The baby’s body temperature is carefully lowered from normal temperature of 37°C to between 33°C and 35°C soon after birth. This is achieved by placing the baby on a special mattress filled with cooled fluid. Sometimes just the head is cooled using a special cap.
Before, during and after the treatment the baby’s condition must be carefully monitored. This can include blood tests to check blood gas and glucose levels, checking for infections, EEG monitoring to check for seizures, giving sedation and providing respiratory and cardiovascular support. The baby’s body temperature is monitored by a rectal thermometer.
After the end of the cooling period, the baby is gradually warmed up to normal temperature. This is known as rewarming.
What are the effects of cooling?
Cooling brings the baby’s body and brain temperature down. This allows the brain to recover from a period of oxygen deprivation.
In medical research studies, therapeutic cooling has been found to reduce the brain damage and permanent disability/cerebral palsy suffered by babies who have been deprived of oxygen around the time of birth.
What are the risks of cooling?
As with any treatment, cooling is not without its risks. However, the risks and benefits should be discussed with parents before the treatment so that they can make an informed decision. The reason the treatment is carried out in specialist units and must be very carefully monitored and managed is to avoid metabolic (the body’s chemical processes) problems, seizures and reperfusion injury (further damage caused to the brain by blood returning to the brain too quickly after rewarming).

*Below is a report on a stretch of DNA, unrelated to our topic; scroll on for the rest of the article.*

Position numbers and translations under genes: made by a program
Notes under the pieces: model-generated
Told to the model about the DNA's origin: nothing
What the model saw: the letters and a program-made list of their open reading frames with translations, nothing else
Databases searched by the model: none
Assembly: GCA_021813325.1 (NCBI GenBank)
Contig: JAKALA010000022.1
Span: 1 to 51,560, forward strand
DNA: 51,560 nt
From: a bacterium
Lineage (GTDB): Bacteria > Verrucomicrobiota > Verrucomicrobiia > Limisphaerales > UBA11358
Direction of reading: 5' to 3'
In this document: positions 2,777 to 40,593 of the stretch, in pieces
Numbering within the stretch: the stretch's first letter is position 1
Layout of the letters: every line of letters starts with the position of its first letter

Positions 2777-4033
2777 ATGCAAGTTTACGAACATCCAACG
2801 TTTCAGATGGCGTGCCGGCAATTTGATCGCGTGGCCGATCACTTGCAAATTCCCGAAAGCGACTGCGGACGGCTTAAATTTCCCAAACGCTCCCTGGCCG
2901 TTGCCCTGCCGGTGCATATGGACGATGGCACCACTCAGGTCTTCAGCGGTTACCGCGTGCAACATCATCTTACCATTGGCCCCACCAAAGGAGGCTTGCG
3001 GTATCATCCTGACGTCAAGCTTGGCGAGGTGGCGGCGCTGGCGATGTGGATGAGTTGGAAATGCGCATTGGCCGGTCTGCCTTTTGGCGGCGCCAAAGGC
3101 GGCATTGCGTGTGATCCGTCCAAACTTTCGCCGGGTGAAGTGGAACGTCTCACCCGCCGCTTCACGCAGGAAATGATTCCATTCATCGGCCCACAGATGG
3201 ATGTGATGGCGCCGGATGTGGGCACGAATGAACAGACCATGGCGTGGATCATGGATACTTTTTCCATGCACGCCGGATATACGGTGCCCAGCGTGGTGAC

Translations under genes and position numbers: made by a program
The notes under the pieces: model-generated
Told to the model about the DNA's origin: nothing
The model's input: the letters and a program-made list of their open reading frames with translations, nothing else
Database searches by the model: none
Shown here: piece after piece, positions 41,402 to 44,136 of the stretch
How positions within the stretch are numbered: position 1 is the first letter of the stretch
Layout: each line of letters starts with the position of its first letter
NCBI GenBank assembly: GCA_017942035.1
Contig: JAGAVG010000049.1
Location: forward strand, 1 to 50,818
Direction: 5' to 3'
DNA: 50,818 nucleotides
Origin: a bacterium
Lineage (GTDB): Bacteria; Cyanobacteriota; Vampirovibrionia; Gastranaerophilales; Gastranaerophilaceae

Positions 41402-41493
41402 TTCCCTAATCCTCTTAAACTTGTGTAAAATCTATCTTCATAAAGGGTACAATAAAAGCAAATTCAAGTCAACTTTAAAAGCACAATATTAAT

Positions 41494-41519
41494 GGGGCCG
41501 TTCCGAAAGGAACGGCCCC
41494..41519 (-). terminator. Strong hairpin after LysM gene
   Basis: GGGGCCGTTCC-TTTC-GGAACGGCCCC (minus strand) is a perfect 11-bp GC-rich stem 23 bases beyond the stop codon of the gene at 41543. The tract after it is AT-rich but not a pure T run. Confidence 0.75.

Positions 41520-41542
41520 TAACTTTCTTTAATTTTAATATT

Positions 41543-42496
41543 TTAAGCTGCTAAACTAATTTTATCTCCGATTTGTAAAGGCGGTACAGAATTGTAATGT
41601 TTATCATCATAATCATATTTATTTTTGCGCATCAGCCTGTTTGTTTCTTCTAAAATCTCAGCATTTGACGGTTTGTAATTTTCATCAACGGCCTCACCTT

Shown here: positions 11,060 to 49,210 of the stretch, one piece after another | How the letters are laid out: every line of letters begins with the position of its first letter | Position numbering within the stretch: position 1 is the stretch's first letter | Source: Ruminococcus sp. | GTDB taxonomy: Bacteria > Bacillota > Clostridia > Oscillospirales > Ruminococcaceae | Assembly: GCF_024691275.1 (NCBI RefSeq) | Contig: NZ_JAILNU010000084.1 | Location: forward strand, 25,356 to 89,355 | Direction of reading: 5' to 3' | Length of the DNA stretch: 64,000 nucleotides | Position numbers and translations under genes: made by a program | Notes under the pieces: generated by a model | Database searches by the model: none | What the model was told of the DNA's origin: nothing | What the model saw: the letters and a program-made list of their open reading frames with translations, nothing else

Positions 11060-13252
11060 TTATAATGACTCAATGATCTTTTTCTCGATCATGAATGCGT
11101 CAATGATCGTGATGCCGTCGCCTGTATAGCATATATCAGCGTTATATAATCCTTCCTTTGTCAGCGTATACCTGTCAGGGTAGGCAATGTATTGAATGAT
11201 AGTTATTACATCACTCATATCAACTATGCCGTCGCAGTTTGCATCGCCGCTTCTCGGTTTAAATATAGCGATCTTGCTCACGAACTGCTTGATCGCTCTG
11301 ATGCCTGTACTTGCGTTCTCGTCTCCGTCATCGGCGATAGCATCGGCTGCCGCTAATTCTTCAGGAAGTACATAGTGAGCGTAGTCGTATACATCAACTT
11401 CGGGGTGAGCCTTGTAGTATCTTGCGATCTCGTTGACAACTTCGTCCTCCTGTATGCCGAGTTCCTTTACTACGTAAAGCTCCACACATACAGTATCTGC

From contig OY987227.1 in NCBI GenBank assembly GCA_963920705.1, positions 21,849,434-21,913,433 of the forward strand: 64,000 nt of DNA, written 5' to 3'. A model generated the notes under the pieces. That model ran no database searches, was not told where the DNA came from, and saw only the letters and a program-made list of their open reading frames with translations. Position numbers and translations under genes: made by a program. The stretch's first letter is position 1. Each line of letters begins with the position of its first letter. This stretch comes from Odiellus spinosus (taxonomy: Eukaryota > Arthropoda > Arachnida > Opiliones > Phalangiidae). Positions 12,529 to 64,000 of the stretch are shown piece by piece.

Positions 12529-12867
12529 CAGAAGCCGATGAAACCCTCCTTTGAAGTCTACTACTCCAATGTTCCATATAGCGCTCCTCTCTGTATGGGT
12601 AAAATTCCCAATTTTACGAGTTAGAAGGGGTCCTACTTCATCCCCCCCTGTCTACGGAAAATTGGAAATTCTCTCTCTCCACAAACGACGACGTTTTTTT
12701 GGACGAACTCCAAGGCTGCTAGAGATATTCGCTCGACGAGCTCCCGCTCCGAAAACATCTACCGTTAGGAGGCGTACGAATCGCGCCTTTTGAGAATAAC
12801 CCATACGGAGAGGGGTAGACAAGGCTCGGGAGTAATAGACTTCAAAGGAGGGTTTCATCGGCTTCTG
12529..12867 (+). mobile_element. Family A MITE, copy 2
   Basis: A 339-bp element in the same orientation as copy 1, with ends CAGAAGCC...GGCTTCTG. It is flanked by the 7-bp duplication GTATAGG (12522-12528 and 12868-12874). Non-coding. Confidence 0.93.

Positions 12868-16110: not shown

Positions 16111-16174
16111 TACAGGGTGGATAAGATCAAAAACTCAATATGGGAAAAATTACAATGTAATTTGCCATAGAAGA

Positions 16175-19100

Autism and learning difficulties after HIE and cooling
Boyes Turner’s birth injury and cerebral palsy specialists have been helping children with cerebral palsy and serious neurological injury caused by oxygen deprivation from negligent healthcare for decades. Sadly, despite the high numbers of claims from these injuries and initiatives by the RCOG and the Department of Health to help the NHS learn from these mistakes, avoidable hypoxic birth injuries are still occurring.
For some children, the injury will lead to a lifetime of severe physical and cognitive disability. Their cerebral palsy will impair their mobility, their ability to communicate, live independently, care for themselves or work.
For others, particularly in recent years, therapeutic cooling has been successful in slowing the progression of the brain injury, such that despite MRI scan evidence of a hypoxic ischaemic injury to their brain, they retain their motor coordination, mobility and communication – the most obvious impairments, often labelled as cerebral palsy, which arise from this type of injury.
Therapeutic cooling appears in many cases to have reduced the severity and impact of the physical disability but for many the retained ability to walk and talk is far from the end of the story. Increasingly, our legal team and our medical experts are being called upon to help children with difficulties such as autism and learning disability. Whilst these children may be less physically disabled, their injuries still have a life-long impact on the child and their family, their ability to live independently, learn and engage in the workplace and community.
At Boyes Turner, we recognise and welcome the benefits of properly managed therapeutic cooling in reducing the extent of harm caused by avoidable perinatal brain injury. Meanwhile, we remain committed to securing full compensation for babies who have suffered avoidable brain injury (in whatever form) as a result of negligence at, during or immediately after their birth.
If you are caring for a child or young person with cerebral palsy or other neurological disability caused by medical negligence and would like to find out more about making a claim, contact us by email at email@example.com.